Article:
There's no medical risk associated with being tested for a BRCA gene mutation other than the slight risks — including lightheadedness, bleeding or bruising — of having your blood drawn. Risks are associated with the emotional, financial, medical and social implications of your test results.
If you test positive for a BRCA gene mutation, you may face:
- Feelings of anxiety, anger, sadness or depression
- Concerns over possible insurance discrimination
- Strained family relationships over learning of a familial genetic mutation
- Difficult decisions about preventive measures that have long-term consequences
- Feelings of "inevitability" that you'll get cancer
On the other hand, if you test negative for a BRCA mutation or your results aren't clear-cut — say you have a genetic mutation, but one that hasn't been associated with cancer in other people — you may experience:
June 18, 2015
- Uncertainty and concern that your result may not be a true negative result
- "Survivor guilt" if your family has a known gene mutation that may affect your loved ones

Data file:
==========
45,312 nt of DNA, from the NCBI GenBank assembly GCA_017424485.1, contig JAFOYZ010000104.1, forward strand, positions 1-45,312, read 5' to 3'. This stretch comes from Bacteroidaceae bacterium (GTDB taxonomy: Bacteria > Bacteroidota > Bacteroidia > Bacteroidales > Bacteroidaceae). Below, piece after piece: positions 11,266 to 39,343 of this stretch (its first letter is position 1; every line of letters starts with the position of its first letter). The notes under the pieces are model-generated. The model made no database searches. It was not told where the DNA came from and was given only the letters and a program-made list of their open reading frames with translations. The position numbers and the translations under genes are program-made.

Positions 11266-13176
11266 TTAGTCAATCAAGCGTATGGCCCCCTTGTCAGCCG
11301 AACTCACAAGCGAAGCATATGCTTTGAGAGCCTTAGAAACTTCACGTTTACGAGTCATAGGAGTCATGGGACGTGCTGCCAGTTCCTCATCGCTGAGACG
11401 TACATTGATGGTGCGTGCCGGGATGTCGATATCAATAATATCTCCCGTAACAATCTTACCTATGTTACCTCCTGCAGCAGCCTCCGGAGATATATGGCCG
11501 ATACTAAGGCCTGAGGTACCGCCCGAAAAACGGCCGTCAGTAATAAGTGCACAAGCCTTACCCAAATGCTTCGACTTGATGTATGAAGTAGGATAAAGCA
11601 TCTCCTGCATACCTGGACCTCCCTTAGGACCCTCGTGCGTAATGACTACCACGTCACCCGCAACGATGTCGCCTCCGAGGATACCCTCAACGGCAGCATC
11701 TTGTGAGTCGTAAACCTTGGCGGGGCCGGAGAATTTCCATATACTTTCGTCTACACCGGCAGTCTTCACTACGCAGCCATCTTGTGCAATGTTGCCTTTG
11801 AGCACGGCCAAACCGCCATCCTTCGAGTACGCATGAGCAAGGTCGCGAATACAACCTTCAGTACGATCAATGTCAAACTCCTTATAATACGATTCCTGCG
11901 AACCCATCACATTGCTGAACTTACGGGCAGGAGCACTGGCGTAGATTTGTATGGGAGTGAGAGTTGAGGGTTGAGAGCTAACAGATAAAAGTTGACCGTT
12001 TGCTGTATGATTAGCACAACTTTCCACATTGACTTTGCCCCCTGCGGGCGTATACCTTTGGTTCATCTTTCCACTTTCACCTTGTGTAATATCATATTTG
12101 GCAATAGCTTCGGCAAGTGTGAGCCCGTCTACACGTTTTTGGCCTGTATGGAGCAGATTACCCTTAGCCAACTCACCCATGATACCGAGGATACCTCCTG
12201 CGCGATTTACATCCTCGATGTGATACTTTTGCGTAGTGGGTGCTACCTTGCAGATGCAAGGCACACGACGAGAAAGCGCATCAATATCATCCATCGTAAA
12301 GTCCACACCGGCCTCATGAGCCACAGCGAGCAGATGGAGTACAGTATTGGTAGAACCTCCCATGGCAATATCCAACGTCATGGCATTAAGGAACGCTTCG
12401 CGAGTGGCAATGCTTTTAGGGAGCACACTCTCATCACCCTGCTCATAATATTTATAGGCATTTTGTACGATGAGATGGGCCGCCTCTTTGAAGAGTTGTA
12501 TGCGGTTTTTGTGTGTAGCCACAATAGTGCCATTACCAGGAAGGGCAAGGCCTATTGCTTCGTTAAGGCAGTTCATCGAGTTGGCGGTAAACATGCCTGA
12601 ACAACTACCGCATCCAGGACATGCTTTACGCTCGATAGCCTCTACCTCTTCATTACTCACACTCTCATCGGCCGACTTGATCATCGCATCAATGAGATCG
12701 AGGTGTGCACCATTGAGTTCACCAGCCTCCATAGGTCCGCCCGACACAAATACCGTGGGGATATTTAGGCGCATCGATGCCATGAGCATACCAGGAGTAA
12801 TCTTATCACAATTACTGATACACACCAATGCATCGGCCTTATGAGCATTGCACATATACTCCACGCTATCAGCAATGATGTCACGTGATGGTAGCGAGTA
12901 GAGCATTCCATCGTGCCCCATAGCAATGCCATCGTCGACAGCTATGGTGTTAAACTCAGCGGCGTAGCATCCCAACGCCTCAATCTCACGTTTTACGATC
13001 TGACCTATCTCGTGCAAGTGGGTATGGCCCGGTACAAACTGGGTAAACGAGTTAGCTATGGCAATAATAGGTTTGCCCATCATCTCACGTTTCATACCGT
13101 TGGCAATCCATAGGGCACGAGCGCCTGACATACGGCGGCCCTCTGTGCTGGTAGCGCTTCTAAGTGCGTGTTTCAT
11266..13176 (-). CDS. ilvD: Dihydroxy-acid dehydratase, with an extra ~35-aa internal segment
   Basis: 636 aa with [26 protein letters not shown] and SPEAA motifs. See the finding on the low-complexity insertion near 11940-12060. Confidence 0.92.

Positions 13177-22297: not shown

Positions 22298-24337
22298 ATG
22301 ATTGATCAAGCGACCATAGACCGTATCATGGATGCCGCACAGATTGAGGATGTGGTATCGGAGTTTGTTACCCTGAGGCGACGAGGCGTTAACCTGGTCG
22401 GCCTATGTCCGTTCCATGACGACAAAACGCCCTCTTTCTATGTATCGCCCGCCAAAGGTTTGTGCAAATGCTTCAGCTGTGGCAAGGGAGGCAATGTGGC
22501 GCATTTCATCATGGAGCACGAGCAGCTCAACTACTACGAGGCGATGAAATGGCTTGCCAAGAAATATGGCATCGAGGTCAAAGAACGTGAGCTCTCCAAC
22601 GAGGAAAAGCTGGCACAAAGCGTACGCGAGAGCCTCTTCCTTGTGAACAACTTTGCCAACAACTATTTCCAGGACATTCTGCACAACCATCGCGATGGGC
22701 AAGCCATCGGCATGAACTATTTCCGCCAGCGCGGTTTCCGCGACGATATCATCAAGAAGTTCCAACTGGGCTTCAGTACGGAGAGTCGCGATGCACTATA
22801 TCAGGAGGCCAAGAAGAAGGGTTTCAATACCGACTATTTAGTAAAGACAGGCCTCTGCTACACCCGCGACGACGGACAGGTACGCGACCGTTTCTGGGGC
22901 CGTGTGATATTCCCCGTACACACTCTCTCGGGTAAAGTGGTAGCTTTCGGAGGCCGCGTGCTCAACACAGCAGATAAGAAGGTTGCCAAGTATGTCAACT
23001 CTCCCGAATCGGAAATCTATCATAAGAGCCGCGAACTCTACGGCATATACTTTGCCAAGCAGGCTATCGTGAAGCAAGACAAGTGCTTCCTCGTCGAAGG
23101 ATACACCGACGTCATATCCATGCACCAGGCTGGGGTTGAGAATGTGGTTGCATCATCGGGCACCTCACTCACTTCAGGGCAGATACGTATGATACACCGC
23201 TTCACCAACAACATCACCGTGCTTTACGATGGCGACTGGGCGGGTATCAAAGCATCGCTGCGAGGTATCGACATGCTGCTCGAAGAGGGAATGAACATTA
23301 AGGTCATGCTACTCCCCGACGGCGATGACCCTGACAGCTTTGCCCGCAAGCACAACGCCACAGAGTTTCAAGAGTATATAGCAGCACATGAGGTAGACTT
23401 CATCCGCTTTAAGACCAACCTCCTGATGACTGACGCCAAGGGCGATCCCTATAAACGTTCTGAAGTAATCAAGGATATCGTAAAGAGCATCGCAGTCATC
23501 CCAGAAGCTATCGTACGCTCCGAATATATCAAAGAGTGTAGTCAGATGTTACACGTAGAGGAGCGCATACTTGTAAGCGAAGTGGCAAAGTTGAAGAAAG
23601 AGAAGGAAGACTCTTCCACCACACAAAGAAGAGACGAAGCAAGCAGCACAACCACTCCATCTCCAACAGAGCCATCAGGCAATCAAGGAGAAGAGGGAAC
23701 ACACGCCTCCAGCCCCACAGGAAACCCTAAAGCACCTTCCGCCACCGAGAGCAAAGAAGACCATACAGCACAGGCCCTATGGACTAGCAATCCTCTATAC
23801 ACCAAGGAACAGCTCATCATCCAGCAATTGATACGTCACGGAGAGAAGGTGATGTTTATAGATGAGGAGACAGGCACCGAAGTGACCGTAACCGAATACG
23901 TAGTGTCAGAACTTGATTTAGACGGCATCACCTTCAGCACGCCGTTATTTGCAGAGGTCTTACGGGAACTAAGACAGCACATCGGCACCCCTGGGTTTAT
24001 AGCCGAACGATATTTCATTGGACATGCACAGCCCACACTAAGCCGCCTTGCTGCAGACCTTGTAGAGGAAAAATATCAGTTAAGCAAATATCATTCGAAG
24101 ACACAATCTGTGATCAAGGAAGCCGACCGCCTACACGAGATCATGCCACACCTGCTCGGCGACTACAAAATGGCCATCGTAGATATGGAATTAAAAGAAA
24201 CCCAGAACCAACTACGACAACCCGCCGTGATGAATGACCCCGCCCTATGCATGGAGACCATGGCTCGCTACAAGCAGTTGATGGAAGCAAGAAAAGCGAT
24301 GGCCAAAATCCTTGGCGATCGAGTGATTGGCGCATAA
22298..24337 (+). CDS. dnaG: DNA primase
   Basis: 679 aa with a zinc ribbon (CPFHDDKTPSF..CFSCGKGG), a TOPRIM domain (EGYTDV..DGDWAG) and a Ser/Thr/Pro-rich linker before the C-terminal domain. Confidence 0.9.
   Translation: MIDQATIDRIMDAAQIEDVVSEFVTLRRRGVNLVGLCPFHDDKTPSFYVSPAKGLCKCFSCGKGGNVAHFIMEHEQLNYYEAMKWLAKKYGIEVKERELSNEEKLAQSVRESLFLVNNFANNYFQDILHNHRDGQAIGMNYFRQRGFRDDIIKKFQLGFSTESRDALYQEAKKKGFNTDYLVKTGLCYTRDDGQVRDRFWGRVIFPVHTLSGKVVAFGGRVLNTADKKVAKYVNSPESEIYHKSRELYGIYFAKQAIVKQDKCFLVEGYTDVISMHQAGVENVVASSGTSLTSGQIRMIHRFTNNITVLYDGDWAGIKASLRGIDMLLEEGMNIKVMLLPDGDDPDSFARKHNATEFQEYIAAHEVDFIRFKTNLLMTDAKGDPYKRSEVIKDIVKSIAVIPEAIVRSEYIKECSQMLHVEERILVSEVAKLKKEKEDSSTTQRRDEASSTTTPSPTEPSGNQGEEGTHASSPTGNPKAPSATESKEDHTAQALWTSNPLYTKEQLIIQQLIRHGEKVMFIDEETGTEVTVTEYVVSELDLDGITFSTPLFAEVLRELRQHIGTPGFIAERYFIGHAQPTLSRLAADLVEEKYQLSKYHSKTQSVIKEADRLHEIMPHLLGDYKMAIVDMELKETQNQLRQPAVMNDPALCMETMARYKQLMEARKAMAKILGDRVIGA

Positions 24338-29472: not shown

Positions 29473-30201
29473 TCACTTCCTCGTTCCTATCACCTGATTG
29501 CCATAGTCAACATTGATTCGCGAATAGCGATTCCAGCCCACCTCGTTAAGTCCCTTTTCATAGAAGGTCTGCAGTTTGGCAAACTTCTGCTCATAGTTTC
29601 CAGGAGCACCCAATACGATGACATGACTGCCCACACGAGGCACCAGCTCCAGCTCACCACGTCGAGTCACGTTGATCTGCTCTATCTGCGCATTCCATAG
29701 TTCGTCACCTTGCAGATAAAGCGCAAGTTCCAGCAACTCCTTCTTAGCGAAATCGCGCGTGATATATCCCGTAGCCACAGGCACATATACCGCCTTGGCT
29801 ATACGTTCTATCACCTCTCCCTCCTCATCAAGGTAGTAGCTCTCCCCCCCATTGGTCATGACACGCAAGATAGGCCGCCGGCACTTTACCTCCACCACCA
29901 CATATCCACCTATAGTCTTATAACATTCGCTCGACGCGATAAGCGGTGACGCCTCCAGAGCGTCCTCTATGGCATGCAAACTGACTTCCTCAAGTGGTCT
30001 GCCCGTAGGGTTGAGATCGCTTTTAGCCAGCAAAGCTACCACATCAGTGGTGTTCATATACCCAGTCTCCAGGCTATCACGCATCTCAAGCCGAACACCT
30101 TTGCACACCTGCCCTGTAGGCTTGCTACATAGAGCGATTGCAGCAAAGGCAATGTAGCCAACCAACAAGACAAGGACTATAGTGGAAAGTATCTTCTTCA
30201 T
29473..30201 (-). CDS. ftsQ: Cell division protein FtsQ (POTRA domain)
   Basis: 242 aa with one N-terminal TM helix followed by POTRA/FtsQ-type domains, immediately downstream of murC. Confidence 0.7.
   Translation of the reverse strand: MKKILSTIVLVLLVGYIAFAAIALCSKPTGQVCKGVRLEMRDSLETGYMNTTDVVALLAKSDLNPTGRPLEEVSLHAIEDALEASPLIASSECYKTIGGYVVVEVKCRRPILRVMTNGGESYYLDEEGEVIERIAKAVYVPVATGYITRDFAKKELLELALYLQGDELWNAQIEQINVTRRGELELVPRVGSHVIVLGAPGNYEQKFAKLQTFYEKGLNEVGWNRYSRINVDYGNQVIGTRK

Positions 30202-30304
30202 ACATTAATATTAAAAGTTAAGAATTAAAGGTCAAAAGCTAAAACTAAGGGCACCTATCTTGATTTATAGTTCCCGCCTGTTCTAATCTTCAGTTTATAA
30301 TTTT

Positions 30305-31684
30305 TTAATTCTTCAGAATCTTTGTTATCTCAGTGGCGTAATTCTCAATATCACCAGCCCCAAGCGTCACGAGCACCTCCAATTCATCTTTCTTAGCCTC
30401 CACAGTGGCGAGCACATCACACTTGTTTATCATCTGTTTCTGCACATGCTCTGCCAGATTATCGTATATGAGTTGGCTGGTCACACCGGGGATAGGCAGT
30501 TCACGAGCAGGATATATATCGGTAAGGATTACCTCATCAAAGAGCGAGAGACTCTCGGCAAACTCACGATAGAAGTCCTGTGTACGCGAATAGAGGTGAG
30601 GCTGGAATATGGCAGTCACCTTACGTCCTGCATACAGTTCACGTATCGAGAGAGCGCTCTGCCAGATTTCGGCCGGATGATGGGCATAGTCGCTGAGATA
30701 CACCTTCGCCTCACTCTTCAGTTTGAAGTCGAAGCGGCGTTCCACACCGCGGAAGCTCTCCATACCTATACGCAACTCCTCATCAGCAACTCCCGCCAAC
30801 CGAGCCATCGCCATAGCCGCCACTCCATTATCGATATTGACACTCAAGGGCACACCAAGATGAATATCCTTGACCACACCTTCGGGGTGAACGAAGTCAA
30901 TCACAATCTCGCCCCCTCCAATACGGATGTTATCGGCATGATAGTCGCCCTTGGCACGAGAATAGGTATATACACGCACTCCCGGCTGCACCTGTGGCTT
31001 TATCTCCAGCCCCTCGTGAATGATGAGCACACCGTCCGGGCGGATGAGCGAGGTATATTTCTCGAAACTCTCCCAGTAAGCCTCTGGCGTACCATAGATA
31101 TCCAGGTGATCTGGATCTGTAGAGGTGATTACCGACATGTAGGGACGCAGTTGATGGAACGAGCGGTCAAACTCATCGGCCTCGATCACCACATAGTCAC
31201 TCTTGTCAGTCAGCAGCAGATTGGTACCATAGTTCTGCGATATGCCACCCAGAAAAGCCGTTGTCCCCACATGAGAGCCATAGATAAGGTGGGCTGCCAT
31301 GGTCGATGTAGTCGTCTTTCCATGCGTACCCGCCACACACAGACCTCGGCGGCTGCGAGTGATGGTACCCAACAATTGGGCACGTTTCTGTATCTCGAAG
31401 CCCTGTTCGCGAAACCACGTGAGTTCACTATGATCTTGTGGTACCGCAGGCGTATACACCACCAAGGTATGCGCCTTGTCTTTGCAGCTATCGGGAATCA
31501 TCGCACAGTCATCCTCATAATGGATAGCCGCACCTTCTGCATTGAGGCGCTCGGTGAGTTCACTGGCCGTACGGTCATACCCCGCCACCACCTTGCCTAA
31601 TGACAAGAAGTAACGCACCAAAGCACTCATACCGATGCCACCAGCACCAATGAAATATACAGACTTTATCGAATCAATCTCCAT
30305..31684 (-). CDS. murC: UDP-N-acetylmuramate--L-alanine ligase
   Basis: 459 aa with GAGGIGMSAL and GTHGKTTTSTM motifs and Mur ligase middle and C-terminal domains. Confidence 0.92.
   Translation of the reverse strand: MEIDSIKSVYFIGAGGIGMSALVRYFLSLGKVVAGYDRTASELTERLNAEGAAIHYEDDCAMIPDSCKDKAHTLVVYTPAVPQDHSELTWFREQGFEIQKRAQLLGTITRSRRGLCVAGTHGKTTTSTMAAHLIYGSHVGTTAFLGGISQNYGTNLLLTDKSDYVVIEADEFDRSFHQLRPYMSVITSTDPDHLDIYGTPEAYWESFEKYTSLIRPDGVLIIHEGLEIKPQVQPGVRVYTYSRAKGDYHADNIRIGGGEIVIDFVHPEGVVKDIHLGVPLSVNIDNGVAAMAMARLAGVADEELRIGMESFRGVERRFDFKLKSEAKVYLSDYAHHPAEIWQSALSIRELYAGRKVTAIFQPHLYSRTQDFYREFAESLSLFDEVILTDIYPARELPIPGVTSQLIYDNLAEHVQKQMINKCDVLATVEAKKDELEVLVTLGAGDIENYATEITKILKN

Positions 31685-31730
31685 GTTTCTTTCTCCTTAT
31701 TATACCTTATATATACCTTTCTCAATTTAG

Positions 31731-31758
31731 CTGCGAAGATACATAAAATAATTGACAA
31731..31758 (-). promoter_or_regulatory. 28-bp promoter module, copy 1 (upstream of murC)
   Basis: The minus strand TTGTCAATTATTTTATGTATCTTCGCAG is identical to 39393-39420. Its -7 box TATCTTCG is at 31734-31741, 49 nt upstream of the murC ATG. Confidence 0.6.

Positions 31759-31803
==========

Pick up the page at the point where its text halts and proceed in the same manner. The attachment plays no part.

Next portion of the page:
- BRCA1 and BRCA2: Cancer risk and genetic testing. National Cancer Institute. http://www.cancer.gov/cancertopics/factsheet/Risk/BRCA. Accessed June 3, 2013.
- Isaacs C, et al. Genetic testing for hereditary breast and ovarian cancer syndrome. http://www.uptodate.com/home. Accessed June 3, 2013.
- Lindor NM, et al. A review of a multifactorial probability-based model for classification of BRCA1 and BRCA2 variants of uncertain significance (VUS). Human Mutation. 2012;33:8.
- Kurion AW, et al. Breast cancer risk for noncarriers of family-specific BRCA1 and BRCA2 mutations: Findings from the breast cancer family registry. Journal of Clinical Oncology. 2011;29:4505.
- Pruthi S, et al. Identification and management of women with BRCA mutations or hereditary predisposition for breast and ovarian cancer. Mayo Clinic Proceedings. 2010;85:1111.
- Mackay J, et al. Genetic counseling for hereditary predisposition to ovarian and breast cancer. Annals of Oncology. 2010;21:vii 334.
- Raby BA, et al. Genetic counseling and testing. http://www.uptodate.com/home. Accessed June 3, 2013.
- Isaacs C, et al. Management of hereditary breast and ovarian cancer syndrome and patients with BRCA mutations. http://www.uptodate.com/home. Accessed June 3, 2013.
- Kurian AW,et al. Survival analysis of cancer risk reduction strategies for BRCA1/2 mutation carriers, Journal of Clinical Oncology. 2010;28:222.
- Pruthi S (expert opinion). Mayo Clinic, Rochester, Minn. April 24, 2015.